Critiquing Capaldi: “The Witch’s Familar”

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I would argue that the most important aspect of the New Series is character. Character is what fuels the revival, what it lives on, and what more or less defines this version of Doctor Who. While character was definitely present in the original run, especially towards the end, I think it’s fair to say it wasn’t the focus as it is here. While Classic Who was about the adventures, New Who is about the people having the adventure. How they grow, how they develop, how they change. It’s why no matter if the story is set in a galaxy far, far away, or on prehistoric Earth, this Doctor Who remains as a drama. Because it’s a drama, (a drama that always changes and yet stays the exact same, like the titular character) we get episodes like The Witch’s Familiar.

The Witch’s Familiar is effectively a 45-minute long character study. Despite being set on a spaceship on Skaro, and having three of the show’s most infamous monsters in it, I don’t think this is a story which works in Doctor Who. It doesn’t really tell a story, and there’s really little plot. That’s not a criticism, by the way, more an observation. We are effectively watching four very similar, but also very different characters, just interact with each other. This episode does feel like an observation of what the show is about, what it can do, without doing very much at all. It’s a very clever script, one which makes use of four extremely talented actors and gets them to play together, which is what makes it work.

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While the characters all work well on their own, everybody here, particularly Missy, gets some really good development, it’s their interactions with each other which really makes the episode interesting. In particular, the relationship between the Doctor and Davros. There’s no doubt that Bleach and Capaldi have fantastic chemistry, they really work together extremely well, and it’s easy to believe that these two characters have had a history with each other from their performance. They’re paired with poetic and emotional, but not overbearing dialogue, which really makes you sit up and feel something for these characters. The amount of emotion, and the various feelings these characters have for each other is gripping. From the anger at the beginning, to the admiration and respect in the middle, to Davros backstabbing him at the end is fantastic. Though part of me does feel a bit disappointed that Davros wasn’t repenting. The scene where he reveals he was playing to the Doctor’s weakness, his compassion, is powerful, but I do think it would have been a touching way to write off the character. Of course, this is Moffat’s intention, and the episode may be better because Davros metaphorically stuck his middle finger up at everything the Doctor stands for, but the ten minutes or so in the middle, where it is just two old men reflecting on their lives together, are some of the most glorious and touching in the show’s history.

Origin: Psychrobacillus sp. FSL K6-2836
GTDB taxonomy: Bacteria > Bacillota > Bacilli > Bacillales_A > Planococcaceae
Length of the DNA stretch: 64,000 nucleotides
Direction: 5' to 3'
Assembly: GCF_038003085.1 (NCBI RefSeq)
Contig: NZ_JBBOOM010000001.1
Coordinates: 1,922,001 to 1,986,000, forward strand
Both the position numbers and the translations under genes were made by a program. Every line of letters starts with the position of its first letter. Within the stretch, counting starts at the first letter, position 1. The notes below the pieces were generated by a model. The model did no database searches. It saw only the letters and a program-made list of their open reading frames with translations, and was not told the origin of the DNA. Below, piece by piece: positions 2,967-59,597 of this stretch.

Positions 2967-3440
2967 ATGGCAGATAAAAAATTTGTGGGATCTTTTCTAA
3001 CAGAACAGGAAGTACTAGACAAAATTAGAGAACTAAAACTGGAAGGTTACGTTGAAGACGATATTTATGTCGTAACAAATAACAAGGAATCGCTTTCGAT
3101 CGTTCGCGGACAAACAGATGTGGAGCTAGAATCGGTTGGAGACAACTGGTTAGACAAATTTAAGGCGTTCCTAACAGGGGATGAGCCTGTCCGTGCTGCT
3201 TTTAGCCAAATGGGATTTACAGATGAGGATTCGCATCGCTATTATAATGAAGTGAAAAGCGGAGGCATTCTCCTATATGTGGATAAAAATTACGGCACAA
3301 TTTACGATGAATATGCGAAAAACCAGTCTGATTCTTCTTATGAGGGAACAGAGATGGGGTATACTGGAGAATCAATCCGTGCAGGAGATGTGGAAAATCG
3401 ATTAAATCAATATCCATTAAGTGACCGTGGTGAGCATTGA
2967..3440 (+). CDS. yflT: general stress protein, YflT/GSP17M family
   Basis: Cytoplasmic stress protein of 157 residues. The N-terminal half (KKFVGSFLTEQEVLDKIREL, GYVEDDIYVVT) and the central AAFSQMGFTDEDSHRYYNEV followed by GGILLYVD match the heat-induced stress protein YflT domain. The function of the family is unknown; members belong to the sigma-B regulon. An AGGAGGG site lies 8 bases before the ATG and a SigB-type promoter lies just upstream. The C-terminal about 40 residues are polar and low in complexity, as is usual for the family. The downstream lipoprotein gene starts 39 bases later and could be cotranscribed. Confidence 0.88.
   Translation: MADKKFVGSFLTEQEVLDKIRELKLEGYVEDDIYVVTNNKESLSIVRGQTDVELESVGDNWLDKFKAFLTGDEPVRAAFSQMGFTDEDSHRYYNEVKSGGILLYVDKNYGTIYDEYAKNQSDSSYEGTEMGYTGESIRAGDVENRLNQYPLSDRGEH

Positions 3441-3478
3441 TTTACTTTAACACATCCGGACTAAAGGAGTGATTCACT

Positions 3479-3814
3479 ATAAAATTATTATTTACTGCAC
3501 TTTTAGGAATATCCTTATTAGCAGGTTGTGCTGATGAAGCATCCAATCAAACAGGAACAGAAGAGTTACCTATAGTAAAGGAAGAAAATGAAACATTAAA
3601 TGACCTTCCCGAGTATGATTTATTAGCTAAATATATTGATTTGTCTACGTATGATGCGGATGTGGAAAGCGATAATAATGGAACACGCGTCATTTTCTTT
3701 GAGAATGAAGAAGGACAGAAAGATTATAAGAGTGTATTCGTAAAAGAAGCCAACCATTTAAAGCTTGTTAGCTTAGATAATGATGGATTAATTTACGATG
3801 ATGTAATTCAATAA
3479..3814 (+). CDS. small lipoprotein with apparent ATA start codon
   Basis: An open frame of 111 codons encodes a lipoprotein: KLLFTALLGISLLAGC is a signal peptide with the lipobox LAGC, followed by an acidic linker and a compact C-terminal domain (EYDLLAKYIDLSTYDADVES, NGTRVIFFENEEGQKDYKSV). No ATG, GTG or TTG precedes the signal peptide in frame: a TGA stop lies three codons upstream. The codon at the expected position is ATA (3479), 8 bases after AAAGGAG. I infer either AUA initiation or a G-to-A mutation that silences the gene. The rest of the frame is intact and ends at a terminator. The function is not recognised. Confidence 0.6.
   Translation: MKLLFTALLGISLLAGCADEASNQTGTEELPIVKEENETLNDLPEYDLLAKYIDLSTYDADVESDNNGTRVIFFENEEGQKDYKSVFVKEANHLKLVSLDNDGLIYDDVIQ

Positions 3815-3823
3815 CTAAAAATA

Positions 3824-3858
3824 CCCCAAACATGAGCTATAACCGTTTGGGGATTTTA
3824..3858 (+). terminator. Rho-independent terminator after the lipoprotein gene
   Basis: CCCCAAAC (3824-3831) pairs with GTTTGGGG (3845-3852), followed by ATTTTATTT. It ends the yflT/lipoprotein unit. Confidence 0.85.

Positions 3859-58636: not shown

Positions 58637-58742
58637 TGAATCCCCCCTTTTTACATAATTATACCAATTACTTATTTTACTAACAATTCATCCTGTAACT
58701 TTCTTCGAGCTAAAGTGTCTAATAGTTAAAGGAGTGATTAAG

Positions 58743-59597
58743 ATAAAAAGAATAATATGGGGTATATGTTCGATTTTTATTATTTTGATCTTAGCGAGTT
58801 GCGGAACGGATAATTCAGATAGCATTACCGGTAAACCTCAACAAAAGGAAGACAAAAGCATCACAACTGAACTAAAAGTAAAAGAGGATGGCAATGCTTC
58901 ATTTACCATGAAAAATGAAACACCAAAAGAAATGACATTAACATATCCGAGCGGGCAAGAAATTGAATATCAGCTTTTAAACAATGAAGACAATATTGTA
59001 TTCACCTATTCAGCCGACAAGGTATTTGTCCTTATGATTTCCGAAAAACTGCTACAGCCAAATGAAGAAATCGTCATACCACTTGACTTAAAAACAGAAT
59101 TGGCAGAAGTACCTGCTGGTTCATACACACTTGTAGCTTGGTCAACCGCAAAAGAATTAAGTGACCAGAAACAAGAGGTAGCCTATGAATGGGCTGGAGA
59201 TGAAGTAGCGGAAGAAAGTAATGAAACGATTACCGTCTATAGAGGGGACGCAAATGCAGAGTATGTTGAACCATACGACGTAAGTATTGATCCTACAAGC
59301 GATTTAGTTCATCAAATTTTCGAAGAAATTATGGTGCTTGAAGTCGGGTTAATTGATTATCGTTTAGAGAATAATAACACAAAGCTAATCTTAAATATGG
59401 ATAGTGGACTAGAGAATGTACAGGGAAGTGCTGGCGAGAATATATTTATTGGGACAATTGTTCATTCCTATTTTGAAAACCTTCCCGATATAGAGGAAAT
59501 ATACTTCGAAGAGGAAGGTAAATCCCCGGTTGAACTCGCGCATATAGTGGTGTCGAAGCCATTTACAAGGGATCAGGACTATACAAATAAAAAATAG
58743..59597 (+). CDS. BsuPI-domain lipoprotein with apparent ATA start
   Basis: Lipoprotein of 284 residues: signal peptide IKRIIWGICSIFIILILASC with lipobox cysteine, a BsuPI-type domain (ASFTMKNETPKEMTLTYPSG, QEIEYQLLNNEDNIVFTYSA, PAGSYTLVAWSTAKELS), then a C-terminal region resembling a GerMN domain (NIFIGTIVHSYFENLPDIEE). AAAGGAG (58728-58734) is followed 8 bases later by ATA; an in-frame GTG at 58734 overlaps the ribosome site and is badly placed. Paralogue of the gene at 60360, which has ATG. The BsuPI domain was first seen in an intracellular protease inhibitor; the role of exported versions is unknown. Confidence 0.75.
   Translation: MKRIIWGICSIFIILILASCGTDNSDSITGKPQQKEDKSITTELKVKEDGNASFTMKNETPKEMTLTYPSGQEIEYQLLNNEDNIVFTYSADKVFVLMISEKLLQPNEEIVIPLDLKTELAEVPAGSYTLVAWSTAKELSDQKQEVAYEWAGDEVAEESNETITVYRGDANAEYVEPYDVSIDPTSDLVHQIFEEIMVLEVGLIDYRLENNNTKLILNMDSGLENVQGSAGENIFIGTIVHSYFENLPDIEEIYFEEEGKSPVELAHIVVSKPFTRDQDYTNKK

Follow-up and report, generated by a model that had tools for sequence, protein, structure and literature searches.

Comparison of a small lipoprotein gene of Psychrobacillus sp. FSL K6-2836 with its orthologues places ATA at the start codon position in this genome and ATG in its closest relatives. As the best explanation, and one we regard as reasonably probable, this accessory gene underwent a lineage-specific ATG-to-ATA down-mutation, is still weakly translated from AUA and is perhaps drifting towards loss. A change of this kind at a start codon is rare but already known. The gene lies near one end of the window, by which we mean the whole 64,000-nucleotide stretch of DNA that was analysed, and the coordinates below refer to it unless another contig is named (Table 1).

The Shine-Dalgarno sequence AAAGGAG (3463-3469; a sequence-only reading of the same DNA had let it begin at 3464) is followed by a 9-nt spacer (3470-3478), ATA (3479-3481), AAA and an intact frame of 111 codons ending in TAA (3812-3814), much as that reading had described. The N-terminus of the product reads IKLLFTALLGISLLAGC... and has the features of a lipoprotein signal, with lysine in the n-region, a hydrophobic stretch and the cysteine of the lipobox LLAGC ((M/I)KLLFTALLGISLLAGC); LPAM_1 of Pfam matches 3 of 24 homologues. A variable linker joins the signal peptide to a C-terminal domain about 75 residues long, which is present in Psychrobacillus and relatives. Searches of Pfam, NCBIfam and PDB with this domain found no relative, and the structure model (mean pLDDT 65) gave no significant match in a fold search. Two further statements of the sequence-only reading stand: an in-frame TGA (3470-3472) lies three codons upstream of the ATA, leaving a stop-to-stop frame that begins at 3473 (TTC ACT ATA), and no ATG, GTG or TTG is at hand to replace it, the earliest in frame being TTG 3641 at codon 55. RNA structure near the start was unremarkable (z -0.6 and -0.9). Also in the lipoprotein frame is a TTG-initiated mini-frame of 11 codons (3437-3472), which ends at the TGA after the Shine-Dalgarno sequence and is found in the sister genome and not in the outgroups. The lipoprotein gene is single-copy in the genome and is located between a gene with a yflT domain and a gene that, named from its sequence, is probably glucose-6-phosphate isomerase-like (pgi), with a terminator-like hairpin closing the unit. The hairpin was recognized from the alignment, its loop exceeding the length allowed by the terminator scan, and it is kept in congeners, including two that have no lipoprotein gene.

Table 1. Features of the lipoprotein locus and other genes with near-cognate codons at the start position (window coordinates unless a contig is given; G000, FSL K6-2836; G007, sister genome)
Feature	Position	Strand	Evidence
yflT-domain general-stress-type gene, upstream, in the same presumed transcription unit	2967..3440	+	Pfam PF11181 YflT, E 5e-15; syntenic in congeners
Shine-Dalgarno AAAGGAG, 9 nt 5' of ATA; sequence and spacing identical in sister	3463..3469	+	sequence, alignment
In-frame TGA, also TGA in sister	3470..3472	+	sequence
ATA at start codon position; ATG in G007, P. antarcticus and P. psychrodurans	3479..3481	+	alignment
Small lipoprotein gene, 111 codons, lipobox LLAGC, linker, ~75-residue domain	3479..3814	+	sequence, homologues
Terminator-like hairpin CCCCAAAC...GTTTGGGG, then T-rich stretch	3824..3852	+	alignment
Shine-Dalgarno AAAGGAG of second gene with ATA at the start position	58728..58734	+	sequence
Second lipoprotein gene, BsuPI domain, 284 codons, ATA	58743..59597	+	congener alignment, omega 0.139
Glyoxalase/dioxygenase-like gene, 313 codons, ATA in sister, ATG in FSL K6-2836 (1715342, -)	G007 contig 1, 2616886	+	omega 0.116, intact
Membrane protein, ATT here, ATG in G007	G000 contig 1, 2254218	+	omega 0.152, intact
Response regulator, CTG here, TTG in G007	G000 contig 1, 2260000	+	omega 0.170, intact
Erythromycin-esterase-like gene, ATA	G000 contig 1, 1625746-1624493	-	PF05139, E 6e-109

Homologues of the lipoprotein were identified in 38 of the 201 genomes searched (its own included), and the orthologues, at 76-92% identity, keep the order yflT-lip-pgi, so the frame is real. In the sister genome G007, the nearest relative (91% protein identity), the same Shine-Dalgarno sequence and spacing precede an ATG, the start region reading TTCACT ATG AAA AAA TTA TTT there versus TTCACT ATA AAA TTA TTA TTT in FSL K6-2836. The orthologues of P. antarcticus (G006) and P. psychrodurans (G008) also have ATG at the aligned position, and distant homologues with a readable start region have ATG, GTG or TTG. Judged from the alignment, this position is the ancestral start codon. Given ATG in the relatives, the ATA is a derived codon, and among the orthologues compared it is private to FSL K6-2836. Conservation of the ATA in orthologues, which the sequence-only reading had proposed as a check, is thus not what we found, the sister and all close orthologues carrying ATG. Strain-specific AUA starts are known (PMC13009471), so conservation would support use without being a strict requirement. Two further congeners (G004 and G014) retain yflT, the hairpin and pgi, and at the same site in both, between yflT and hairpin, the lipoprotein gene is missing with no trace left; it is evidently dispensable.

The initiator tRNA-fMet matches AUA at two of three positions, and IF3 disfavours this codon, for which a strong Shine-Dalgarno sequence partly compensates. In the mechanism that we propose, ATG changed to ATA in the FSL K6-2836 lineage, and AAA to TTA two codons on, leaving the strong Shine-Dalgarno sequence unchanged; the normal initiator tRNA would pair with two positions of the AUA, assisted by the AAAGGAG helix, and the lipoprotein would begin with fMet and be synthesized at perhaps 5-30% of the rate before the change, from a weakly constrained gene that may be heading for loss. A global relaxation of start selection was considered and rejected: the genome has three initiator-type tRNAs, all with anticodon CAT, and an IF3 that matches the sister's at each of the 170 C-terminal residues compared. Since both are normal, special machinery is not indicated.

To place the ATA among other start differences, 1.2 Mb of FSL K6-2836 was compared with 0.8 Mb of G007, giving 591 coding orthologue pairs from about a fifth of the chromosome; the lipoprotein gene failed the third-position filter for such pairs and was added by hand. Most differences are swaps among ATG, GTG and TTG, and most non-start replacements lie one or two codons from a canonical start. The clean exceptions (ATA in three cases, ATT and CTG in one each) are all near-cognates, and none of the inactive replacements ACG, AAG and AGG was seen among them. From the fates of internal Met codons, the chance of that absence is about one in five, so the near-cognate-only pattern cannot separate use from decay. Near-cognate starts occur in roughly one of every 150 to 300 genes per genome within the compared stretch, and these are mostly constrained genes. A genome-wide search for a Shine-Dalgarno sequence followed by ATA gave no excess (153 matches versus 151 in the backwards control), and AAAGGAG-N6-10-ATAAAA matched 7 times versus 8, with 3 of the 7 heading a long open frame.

The other character which is really strong here is Missy, particularly her interactions with Clara. With Clara pretty much a female version of The Doctor now, it is only appropriate Missy treats her as we should him. This is of course, by manipulating her, winding her up, and almost playing with her like a toy. It’s very amusing how they interact, but it’s also quite scary. Gomez gives her best performance to date, and Moffat writes her best. When she says “the b*tch is back”, I almost feel that statement is meta. Gone is the in my opinion unbearable caricature of the Master we saw in series 8, here is a more rounded, more dimensional, incarnation. One which is actually terrifying. The scene where she’s manipulating the Doctor to kill Clara is petrifying, and so cold, the darkest and scariest The Master has been since the 1970s. I hope we see more of this Master next series, as I think if this version is built upon, we could have objectively the best Master of the New Series.

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I do find this story incredibly interesting. The new mechanics of the Daleks are fascinating and are used really effectively throughout the story, allowing for some great character work and parallels with Clara. It’s also really funny, sometimes deliberately, sometimes not so, which is where the story shines. The Doctor and Davros’ main scene is funny in a touching manner. How they both laugh that he’s not the best Doctor, is actually rather sweet. Top that off with a stunning soundtrack, gorgeous direction, and pacing which is perfect, then you have yourself a modern classic.

Overall: Probably one of the best pure character pieces of the revival. Absolutely wonderful.

Previous score: 10
New Score: 10

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